Install a Vaultwarden Server for Bitwarden

This tutorial will demonstrate how to set up a Vaultwarden server for use with Bitwarden password manager clients. This tutorial will use a Debian 11 server and will install via Podman, using Apache as a reverse proxy. Watch the video version here.

Prerequisites: You will need a server running Debian 11 (visit linode.nots.co, digitalocean.nots.co, or vultr.nots.co if you don't have one.)

Example parameters: In this example, the server URL used for Vaultwarden/Bitwarden will be example.nerdonthestreet.com.


Part 1: Set Up the Vaultwarden Container

Step 1: Log into your server as root (or use sudo) and make sure your server is entirely up-to-date:

apt update
apt full-upgrade

Step 2: Install Podman and MariaDB:

apt install podman mariadb-server

Step 3: Create a directory for Vaultwarden's configuration and data files:

mkdir /vaultwarden-data

Step 4: Secure your MariaDB installation and create a MariaDB/MySQL database for Vaultwarden:

mysql_secure_installation
mariadb
CREATE DATABASE vaultwarden;
CREATE USER 'vaultwarden'@'localhost' IDENTIFIED BY 'Passw0rd';
GRANT ALL PRIVILEGES ON vaultwarden . * TO 'vaultwarden'@'localhost';
quit

Step 5: Fetch and start the Vaultwarden container:

podman run -d --name vaultwarden --network host -v /vaultwarden-data/:/data/:Z -e ROCKET_PORT=8080 -e DATABASE_URL='mysql://vaultwarden:Passw0rd@127.0.0.1:3306/vaultwarden' -e ADMIN_TOKEN='RANDOM_SECRET_STRING' docker://vaultwarden/server:latest

Command explanation:

  • podman : Invokes the podman container application.
  • run : Tells Podman to run a container (it will fetch the container first, if necessary.)
  • -d : Short for --detach; runs the container in the background (detached or daemon mode) and doesn't keep the terminal tied up.
  • --name vaultwarden : Sets the container's name to vaultwarden.
  • --network host : Configures the container to use the physical host's network instead of a virtual network. (This requires running podman in root mode to use.)
  • -p 8080:8080 : (Not required when using --network host!) Configures port 8080 within the container to be mapped to port 8080 on the host. (Even if you are not changing the port number, this configuration is still necessary to allow the host to communicate with the container on that port.)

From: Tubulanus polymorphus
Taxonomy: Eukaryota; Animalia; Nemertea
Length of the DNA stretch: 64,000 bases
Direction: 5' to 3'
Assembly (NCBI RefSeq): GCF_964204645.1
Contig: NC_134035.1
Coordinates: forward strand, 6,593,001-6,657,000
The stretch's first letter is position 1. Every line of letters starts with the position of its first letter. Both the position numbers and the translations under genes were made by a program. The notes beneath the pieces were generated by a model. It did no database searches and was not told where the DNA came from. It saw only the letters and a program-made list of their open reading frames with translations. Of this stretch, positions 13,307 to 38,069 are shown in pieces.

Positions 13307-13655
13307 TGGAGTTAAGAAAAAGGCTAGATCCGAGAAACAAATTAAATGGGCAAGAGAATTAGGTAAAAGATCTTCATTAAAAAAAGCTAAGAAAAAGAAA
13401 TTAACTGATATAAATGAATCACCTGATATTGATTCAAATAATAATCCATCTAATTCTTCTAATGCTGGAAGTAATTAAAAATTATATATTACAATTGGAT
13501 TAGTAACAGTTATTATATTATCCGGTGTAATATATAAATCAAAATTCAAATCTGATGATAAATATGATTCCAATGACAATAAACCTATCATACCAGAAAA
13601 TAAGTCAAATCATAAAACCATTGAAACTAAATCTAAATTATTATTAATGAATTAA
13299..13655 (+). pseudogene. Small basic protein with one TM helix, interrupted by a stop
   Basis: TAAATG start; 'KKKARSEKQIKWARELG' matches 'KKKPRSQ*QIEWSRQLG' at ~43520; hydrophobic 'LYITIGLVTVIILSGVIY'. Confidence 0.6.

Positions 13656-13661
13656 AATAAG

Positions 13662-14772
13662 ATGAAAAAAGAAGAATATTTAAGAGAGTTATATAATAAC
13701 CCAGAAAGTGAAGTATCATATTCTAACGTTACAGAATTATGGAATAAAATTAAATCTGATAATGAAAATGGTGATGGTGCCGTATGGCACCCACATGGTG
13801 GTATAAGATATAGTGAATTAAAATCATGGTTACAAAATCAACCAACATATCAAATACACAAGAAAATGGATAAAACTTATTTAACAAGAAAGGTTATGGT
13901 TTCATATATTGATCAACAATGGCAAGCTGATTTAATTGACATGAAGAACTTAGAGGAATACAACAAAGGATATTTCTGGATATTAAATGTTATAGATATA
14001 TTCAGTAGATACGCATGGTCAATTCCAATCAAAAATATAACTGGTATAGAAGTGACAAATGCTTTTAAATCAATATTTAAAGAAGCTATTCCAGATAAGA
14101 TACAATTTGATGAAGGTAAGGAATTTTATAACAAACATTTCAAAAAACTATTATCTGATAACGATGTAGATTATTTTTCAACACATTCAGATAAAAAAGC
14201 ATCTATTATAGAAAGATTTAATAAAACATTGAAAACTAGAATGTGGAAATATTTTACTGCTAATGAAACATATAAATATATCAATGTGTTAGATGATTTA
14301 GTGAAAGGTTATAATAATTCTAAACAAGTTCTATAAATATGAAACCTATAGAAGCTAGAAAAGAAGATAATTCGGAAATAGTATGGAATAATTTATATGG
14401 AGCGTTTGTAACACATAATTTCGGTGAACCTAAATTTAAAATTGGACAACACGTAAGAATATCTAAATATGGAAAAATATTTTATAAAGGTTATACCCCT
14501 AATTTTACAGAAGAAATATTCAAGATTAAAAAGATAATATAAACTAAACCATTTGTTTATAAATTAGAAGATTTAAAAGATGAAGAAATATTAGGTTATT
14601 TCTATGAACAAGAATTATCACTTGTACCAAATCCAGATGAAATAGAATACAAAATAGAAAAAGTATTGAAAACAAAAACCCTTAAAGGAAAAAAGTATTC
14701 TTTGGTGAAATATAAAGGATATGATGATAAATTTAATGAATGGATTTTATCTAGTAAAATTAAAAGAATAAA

• -v /vaultwarden/:/data/:Z : Configures a "volume" to be mounted in the container. /vaultwarden/ is the directory on the host; /data/ is the directory within the container where it will be mounted (and /data/ is the default path that Vaultwarden will store its data in); :Z gives the container write permissions for the volume, and does not allow other containers to mount the volume (using a lowercase :z instead would allow other containers to mount the volume.)
  • -e ROCKET_PORT=8080 : Sets the ROCKET_PORT environment variable, which Vaultwarden will read to decide what port to serve itself on.
  • -e DATABASE_URL='mysql://vaultwarden:Passw0rd@127.0.0.1:3306/vaultwarden : Sets the DATABASE_URL environment variable, which Vaultwarden will read to determine how to connect to its database. The URL syntax is mysql://username:password@IP:port/dbname.
  • -e ADMIN_TOKEN='RANDOM_SECRET_STRING' : Sets the ADMIN_TOKEN environment variable, which Vaultwarden will use for authentication when performing administrative tasks.
  • docker://vaultwarden/server:latest : Specifies what container image for Podman to start. The docker:// prefix tells Podman to fetch an image from Docker Hub. From there, the syntax is organization/application:version.

Part 2: Set Up an Apache Reverse Proxy

Step 6: Install Apache httpd and Let's Encrypt certbot:

apt install apache2 certbot python3-certbot-apache

Step 7: Create an HTTP virtual host:

nano /etc/apache2/sites-available/vaultwarden.conf

Set the following configuration:

<VirtualHost *:80>
        ServerName example.nerdonthestreet.com
</VirtualHost>

Step 6: Enable the HTTP virtual host, then reload Apache to activate it:

a2ensite vaultwarden
systemctl reload apache2

Step 7: Use Certbot to obtain an SSL/TLS certificate and configure an HTTPS virtual host:

certbot --apache

Step 7: Configure the HTTPS virtual host to forward traffic to and from the Podman container:

nano /etc/apache2/sites-available/vaultwarden-le-ssl.conf

Add the following configuration:

        RewriteEngine On
        RewriteCond %{HTTP:Upgrade} =websocket [NC]
        RewriteRule /notifications/hub(.*) ws://localhost:3012/$1 [P,L]
        ProxyPass / http://localhost:8080/

        ProxyPreserveHost On
        ProxyRequests Off
        RequestHeader set X-Real-IP %{REMOTE_ADDR}s

Step 8: Enable the necessary Apache modules to rewrite headers and proxy traffic to the container, then restart Apache to load the new modules and the updated virtual host configuration:

a2enmod proxy_http proxy_wstunnel headers systemctl restart apache2

Step 9: Access the configured URL in a web browser and proceed through the Bitwarden setup wizard.

Part 3: Configure the Vaultwarden Container to Start on Boot

Step 10: Confirm that the Apache service is enabled (starts on boot):

systemctl status apache2

Step 11: Generate a systemd service file for the Vaultwarden container:

podman generate systemd --name vault --files cat ./container-vault.service

Step 12: Move the service file into the systemd configuration directory and reload the configuration:

mv ./container-vault.service /etc/systemd/system/ systemctl daemon-reload

Step 13: Enable the systemd service for the Vaultwarden container:

systemctl enable container-vault.service

Step 14: Reboot and confirm that Bitwarden is accessible:

systemctl reboot

There are no pages beneath this page

Expand: Discussion Discussion (0 posts)